Marselan is a recent crossing between two famous red grape varieties, Grenache and Cabernet Sauvignon. The highly regarded crossing is now found in niche pockets across the globe from China to Uruguay with its roots firmly in the Languedoc and Provence regions of southern France. Wines made from Marselan are medium-bodied with fine tannins, good color, and characteristics of cherry and cassis.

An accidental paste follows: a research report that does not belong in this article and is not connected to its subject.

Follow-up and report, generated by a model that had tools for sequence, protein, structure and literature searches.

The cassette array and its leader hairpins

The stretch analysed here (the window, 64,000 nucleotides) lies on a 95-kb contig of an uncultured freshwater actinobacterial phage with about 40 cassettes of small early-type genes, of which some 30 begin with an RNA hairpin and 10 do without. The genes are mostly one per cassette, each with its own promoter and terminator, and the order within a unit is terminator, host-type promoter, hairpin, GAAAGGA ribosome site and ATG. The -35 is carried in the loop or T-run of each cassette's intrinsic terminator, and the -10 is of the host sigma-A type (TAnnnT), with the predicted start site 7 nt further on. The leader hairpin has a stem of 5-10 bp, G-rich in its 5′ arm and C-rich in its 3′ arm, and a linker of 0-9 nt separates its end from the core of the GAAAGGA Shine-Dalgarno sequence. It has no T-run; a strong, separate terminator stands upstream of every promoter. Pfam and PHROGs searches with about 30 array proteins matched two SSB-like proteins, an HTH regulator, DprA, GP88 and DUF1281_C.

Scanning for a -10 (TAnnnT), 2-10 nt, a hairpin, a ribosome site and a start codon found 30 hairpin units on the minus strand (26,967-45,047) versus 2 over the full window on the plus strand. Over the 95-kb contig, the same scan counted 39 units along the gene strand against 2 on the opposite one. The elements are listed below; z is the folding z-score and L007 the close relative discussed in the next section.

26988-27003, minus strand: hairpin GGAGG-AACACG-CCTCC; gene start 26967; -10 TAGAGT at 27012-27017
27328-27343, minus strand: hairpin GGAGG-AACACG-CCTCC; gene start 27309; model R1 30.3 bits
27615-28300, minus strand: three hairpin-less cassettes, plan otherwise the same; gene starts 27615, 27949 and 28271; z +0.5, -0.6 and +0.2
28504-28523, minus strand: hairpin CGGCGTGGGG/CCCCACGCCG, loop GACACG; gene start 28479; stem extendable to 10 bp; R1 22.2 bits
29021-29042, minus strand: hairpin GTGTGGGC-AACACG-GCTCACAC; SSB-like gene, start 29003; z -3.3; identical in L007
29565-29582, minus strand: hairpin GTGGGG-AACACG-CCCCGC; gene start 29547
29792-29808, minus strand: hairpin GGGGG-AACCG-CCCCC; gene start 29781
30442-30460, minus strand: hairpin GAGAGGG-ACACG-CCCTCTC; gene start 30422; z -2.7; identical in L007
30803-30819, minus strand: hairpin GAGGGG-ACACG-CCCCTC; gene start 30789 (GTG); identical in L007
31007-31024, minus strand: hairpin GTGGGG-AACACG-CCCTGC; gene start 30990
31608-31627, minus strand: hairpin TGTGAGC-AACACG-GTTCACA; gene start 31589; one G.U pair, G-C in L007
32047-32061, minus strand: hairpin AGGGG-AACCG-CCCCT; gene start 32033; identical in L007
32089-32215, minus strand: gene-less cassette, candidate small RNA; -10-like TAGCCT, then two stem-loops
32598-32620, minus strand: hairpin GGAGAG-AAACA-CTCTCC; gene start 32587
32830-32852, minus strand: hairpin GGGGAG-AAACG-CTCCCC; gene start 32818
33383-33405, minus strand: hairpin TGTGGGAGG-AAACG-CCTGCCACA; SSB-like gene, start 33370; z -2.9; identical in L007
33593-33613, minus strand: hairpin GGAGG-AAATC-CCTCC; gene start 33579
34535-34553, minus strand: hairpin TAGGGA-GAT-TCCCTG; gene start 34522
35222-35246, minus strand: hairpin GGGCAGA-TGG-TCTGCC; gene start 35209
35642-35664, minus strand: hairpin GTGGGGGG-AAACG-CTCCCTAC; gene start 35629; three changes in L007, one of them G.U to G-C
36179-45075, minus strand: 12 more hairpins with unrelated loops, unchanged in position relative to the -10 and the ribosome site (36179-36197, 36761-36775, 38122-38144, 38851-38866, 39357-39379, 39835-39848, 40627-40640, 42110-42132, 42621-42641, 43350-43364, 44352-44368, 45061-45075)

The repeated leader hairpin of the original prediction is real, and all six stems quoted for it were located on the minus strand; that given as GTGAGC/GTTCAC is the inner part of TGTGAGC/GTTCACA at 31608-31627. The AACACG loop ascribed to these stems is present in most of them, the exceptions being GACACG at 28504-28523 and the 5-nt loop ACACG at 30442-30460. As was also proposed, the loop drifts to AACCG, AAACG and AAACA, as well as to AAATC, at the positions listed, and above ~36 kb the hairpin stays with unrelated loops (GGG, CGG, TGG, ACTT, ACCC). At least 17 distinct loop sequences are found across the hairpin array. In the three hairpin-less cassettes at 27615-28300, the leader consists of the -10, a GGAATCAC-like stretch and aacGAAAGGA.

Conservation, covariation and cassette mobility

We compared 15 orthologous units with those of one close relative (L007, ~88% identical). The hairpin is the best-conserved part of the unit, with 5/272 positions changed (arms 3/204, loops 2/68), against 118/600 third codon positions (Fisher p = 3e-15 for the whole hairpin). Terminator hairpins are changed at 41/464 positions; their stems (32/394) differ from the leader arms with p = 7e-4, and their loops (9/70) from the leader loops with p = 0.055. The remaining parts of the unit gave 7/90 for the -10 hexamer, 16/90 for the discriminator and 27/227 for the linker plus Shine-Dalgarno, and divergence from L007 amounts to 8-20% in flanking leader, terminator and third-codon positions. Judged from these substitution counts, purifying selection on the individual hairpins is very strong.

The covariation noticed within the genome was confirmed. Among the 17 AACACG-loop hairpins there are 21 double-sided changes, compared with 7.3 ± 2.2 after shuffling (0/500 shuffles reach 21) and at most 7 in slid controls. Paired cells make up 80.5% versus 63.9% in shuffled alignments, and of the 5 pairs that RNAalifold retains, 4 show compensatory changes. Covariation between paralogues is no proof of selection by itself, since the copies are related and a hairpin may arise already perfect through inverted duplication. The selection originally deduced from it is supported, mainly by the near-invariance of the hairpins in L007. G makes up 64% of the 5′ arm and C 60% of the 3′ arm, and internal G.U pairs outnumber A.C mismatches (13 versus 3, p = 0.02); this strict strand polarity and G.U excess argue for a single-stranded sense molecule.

Marselan was bred in 1961 by the French National Institute for Agricultural Research (INRA) at their Domaine de Vassal station in Marseillan, after which the grape is named. The objective in this breeding program was to create high-yielding varieties with large berries. Despite its natural resistance to mildew and botrytis, Marselan’s small berry size meant that it was shelved at this time, and revisited in the 1990s as producers began to look to quality over quantity.

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